The Abysmal Life of Crayon

Experience the joys in the life of jaded Sydney-siders Crayon and Jamin-kun.

Sunday, June 13, 2004

Drugs, and why I like them

I'm just remembering today one of the first times I took drugs. I dont know why. You know how something just triggers it, you're sitting at your desk at work, maybe driving your car, perhaps lying in bed staring at the ceiling in the dark...and you are suddenly taken back to that time, that moment, several years ago, a decade ago, a lifetime ago.

When I was 22, I was in Sydney, studying at Uni, and hanging out with a certain "crowd". I remember thinking they were all very cool, I had been introduced to them by my friend from school, Sooshie.

We went out to a club called Sublime in the centre of the city - the club has gone now of course, but the memories still linger.

She had gotten drugs from this group of hers, some pills for us to take. We were meant to meet them there, but it turned out they were going to a party we "werent invited too, sorry man". And so it went, we decided to get completely fucked up on our own with some drugs we'd had little experience with.

We went into the toilets, swallowed these pills, our hearts hammering, and the bitter taste lingering for too long in the backs of our throats.

Back outside the music was pumping. So loud, it vibrated through every bone in your body; so loud, your teeth hurt.

I remember us sitting, lighting cigarettes, and "waiting".

The great thing about drugs is that you are guaranteed a good time, no matter how shit the venue or the people...You know that whatever happens, you are going to be so blown away by it you'll remember it forever.

After a while, I realised I was staring hard at one point of light at the bar, and I was stroking the white part of my cigarette like it was a pet or something.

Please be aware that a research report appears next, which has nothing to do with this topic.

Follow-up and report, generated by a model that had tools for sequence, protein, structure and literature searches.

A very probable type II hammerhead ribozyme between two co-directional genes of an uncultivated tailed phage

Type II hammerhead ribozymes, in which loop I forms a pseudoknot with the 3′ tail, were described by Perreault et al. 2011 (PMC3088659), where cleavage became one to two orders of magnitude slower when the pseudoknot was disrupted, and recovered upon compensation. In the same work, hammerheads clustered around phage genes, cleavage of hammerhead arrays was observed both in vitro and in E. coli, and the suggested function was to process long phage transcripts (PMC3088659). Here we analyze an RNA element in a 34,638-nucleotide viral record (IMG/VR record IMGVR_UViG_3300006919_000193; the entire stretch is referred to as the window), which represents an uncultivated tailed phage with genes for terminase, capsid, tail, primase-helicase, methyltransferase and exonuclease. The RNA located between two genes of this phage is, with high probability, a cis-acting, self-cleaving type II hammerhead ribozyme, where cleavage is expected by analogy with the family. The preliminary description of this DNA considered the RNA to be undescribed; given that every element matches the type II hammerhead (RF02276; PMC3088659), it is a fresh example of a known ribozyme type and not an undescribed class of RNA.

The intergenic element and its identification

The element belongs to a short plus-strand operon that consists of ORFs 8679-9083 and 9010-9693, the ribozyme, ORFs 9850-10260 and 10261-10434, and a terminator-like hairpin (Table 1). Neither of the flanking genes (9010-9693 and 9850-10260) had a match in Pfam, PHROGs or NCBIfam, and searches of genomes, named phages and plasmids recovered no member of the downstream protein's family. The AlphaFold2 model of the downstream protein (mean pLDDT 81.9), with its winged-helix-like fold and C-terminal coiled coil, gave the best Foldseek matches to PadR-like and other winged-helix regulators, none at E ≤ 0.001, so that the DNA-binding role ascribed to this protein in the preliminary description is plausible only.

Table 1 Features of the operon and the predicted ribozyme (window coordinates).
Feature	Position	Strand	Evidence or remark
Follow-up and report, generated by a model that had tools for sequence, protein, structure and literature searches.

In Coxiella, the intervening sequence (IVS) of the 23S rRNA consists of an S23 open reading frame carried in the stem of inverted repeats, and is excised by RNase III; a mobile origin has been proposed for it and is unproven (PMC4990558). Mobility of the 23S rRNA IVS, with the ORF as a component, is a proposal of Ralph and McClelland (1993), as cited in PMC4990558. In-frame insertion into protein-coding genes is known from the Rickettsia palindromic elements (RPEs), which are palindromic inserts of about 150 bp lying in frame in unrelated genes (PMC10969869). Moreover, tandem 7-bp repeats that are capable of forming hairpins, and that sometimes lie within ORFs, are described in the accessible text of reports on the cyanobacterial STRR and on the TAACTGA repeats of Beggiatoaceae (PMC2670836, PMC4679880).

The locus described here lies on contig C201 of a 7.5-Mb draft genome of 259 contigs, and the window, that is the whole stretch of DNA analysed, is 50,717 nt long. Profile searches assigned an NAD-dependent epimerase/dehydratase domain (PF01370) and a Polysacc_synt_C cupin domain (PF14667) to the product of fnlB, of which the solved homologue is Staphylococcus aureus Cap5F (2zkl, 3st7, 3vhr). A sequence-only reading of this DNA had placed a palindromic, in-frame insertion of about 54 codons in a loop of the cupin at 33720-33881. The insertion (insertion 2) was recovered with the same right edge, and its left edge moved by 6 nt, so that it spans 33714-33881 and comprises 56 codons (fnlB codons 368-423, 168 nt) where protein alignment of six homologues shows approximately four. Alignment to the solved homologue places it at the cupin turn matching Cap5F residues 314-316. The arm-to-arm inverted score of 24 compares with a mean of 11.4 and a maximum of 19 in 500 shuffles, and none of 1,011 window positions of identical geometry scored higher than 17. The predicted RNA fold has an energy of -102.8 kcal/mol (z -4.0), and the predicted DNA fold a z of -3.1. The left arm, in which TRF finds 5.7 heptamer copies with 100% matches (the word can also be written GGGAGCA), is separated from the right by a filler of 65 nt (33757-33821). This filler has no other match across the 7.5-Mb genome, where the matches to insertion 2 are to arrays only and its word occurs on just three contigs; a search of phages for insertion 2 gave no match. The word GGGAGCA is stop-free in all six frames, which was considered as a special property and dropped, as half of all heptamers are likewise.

Everything felt very smooth and wonderful and good and so so right. There was nothing to worry about. Heat surged through my body, up my arms and between my legs. I pressed my thighs together, and trembled, waiting for more.

I looked over at Sooshie, but the look on her face was totally freaked out.

"Crayon," she shouted over the music, "I want to get out of here. I have to get out of here now!"

She got up, and tottered over the exit of the club, and I was like "Oh SHIT, whats going on!"

I tried to stop her falling over, and asked "Are you ok?" but she just pushed past me and out of the club.

Outside, shivering, she started to retch onto the ground in a darkened alley way. There was nothing else I could do but stand near her and rub her back. People glanced in our direction as they walked past in the bright lights of the main street.

In the darkness, suddenly I could feel everything curling up around me, like the darkness was trying to touch me, to drag me into its arms. I said: "Oh cool, this alley way loves me, I think it loves us, Sooshie, its trying to hug us, to show us everything is ok."

Sooshie swung around, wild-eyed, and said to me: "I feel it too. Like its reaching out."

"You're ok now?" I asked

She looked terrible, and was looking about crazily, but said "More or less." in a normal voice.

We both stood in the darkness, out teeth chattering, and feeling the love that the alleyway was so wonderfully trying to show us.

We ended up in Kings Cross that night, a dodgy area of Sydney known for its drugs, brothels, bars, and crime. We were 22 years old, both of us, good girls, University students, and totally out of control.

We met a guy on the street who told us his name was Breton or something. He could tell we were completely out of it, and offered to walk with us, as we "discovered more of the beauty" of the Cross. We thought he was just drunk, but it turned out the litre coke bottle he was drinking out of had some kind of drug in it too. We sat, all three of us, hallucinating at the fountain in the main park.

We were there til dawn.

Of course, it never ends as well as it starts. I was scared of him after the drugs wore off, and realised we had been smoking someones marijuiana that we had bought in a cafe at 4am, and were rolling joints out of a newspaper we found in the park.

And of course, the sun rose, and the reality set it, the awful the truth, our seediness, and after giving an excuse to Breton, I went home with Sooshie, Breton continued on his way to Bondi, which is where he'd been walking when he'd noticed two girls, hand in hand at 1am, walking the streets of Kings Cross.

And so it goes.

At work, or at a lunch somewhere, or with old school friends, with people who know me as the good Crayon, who went to university, studied hard, has a job, and a good family – I suddenly remember these adventures.

I will tell more someday. These are parts of life that remind you every now and then that people cannot always judge you just by what they know... you are not always what people think you are.

And for some reason....that is reassuring.

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